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PORTUGAL TOPS FOR ONLINE PURCHASES

Portugal has topped a list of 32 countries when it comes to making online purchases from abroad.

According to a survey by online payment system Paypal, 70 percent of Portuguese bought goods online between September 2015 and October 2016.

The survey involved almost 28,000 consumers, 800 of whom were Portuguese, and covered countries such as Russia, Israel, the United States, Mexico and Japan.

At the other end of the ranking, Japan was the country with the fewest international purchases, where the overwhelming majority of online buyers only bought goods from within the country.

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PORTUGAL MAKES TOP TEN OF RETIREMENT DESTINATIONS

The Annual Global Retirement Index places Portugal as the seventh best destination in the world to retire. The top three destinations listed by International Living are Costa Rica, Mexico and Panama. Spain has listed two positions below Portugal in ninth and is the only other European nation on the list. According to International Living’s report, “the third-safest country in the world in the 2017 Global Peace Index, Portugal is not only secure but beautiful.” It adds that “if Portugal’s attributes have convinced you to give it a try, here’s a tip: Begin your test drive in the capital. Lisbon is easy to reach, with direct flights from major cities around the world.”

WHAT IS THE MOST COMMON FORM OF SECURITY TAKEN OVER REAL ESTATE IN PORTUGAL?

There is three standard security taken over real estate: voluntary mortgage, retention of title and seizure. Concerning mortgage, it should be formalised through public deed or by a certified private document. To produce its legal effects, a mortgage must be registered at the land registry office. As for the retention of title, it should be incorporated using a duly authenticated contract or public deed and is also subject to registration at the land registry office so it can be used against any third parties. Finally, a seizure is done through a lawsuit and is not subject to specific conditions. The mortgage is by far the most widely used security.

WHAT IS THE NIF NUMBER?

"NIF" stands for Número de Identificação Fiscal Tax (tax identification number). It is a 9-digit unique personal identifier used for tax purposes. This tax number is needed for most relevant legal acts carried out in Portugal, such as the opening of a bank account or the purchase of a property. You can ask for a NIF in person at any Portuguese tax office, or other designated offices. The number itself is issued on the spot, totally free of charge. However, there may be fees involved if you ask for an official card with the NIF or if you need a fiscal representative. You need a representative when you are not a Portugal or European Union resident. The tax representative is responsible for complying with the tax obligations of the represented person and can be a natural person or a company.  Anyone with a fixed residence in Portugal who accepts the responsibility is eligible, regardless of nationality, so you could ask a friend or someone who knows you in Portugal. It is also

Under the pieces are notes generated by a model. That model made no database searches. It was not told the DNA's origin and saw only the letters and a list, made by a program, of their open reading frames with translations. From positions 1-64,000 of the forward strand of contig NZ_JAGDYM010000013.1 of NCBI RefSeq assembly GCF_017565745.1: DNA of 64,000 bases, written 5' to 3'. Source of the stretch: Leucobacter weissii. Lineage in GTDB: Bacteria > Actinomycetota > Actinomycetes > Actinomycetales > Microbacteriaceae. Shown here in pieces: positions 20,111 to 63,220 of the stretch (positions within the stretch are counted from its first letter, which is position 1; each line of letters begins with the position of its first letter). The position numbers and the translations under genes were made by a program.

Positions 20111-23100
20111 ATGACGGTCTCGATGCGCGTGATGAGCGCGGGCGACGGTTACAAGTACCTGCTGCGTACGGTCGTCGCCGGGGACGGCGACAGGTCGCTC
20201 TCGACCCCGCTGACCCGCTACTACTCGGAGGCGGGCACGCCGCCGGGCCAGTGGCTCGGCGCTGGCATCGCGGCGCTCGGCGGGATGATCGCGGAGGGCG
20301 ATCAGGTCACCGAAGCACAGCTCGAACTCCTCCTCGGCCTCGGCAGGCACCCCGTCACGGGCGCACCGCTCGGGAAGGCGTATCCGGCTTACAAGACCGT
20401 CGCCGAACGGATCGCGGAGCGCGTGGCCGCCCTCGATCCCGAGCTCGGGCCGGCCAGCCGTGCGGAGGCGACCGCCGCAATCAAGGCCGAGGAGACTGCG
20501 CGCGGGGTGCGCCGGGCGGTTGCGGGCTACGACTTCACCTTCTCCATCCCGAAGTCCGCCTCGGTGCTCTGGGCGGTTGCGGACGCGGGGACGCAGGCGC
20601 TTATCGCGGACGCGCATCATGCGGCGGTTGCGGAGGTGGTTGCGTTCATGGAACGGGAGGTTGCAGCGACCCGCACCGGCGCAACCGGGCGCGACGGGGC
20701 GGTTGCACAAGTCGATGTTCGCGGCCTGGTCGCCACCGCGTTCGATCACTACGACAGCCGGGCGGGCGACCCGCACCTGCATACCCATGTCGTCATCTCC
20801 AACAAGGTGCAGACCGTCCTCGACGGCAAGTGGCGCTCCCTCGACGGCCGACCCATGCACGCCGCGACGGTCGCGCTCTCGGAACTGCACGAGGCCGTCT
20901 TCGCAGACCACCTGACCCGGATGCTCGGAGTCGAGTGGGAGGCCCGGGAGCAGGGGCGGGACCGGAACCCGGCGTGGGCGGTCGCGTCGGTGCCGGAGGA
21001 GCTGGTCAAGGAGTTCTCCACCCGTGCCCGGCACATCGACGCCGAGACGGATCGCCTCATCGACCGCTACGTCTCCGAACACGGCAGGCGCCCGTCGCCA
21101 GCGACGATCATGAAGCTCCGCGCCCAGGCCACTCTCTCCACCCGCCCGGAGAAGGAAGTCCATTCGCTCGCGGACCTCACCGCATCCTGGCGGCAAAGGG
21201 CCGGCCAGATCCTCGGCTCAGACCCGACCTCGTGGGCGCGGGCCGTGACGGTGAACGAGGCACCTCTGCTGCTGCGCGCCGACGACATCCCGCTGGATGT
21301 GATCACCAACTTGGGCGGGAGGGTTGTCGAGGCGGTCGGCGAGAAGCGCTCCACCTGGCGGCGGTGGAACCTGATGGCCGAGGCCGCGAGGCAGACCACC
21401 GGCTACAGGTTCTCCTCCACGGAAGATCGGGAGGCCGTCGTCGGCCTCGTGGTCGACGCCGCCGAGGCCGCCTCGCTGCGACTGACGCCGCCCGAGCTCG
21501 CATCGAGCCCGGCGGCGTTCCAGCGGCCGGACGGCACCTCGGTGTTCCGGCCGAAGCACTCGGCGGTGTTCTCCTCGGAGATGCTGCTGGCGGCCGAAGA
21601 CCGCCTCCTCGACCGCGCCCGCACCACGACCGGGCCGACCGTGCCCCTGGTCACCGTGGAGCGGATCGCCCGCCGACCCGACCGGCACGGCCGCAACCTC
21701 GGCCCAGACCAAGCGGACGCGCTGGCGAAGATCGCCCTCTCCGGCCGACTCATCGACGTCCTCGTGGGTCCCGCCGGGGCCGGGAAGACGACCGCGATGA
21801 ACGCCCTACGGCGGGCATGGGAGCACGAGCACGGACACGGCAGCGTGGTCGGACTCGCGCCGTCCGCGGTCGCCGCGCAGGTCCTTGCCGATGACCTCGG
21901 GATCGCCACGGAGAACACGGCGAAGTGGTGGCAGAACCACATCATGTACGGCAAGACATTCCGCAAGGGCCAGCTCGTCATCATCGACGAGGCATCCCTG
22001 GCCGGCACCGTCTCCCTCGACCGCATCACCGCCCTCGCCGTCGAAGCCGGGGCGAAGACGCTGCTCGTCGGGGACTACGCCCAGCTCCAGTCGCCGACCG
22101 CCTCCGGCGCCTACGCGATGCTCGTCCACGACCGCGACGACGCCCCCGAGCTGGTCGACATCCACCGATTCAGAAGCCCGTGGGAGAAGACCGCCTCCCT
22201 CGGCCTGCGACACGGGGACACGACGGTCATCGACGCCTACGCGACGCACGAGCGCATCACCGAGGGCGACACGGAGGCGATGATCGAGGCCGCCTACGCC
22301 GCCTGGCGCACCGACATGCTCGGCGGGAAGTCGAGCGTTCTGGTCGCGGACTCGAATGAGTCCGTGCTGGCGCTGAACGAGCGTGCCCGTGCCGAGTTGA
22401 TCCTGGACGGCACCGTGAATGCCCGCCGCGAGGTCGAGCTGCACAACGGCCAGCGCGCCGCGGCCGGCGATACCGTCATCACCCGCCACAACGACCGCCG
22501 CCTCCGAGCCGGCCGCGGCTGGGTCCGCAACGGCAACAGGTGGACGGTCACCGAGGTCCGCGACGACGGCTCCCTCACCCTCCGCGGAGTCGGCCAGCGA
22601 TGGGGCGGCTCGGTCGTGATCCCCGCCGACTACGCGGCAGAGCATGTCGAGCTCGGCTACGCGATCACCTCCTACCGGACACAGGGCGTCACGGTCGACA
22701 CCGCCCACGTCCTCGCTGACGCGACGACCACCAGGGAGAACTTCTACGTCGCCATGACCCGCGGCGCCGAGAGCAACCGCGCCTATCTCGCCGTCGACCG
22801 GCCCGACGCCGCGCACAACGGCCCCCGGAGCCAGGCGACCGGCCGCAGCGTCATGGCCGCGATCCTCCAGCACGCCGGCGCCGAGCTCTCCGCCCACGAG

I AM AN E.U. CITIZEN, HOW CAN I REGISTRATE IN PORTUGAL?

To make your registration in Portugal, you only have to apply for a Certificate of Registration of Citizen. The Certificate of Registration of Citizen of the European Union must be requested by any citizen of the European Union, Iceland, Liechtenstein, Norway, Andorra and Switzerland, wishing to remain in Portugal for a period exceeding three months. The request can be made to the City Hall, in person by completing a statement and delivering the necessary documents. The application can also be made by a lawyer, as long as he has the necessary powers to act on your behalf.

GARANTEES AND SEGURITIES IN PORTUGAL

In an open economy model, it is more important than ever to know what the legal risks are and how to minimise and overcome them. The better you know, the better you perform. In this article, we will summarise a clear and updated understanding of law and practice regarding guarantees. Guarantees and securities As a general rule, the debtor is liable in respect of his obligations. This rule affects all the debtor's assets, including future ones. The breach of an obligation, such as a payment, means that the debtor is liable to pay compensation. Personal guarantees By the contract, the parties may request additional guarantees besides existing assets to ensure the fulfilment of the obligation. One of these guarantees is "fiança." By entering into this kind of guarantee, a guarantor undertakes to pay on behalf of a third party in the event of this party not complying with the obligation of paying. The obligation depends on a principal debt and cannot exist without a val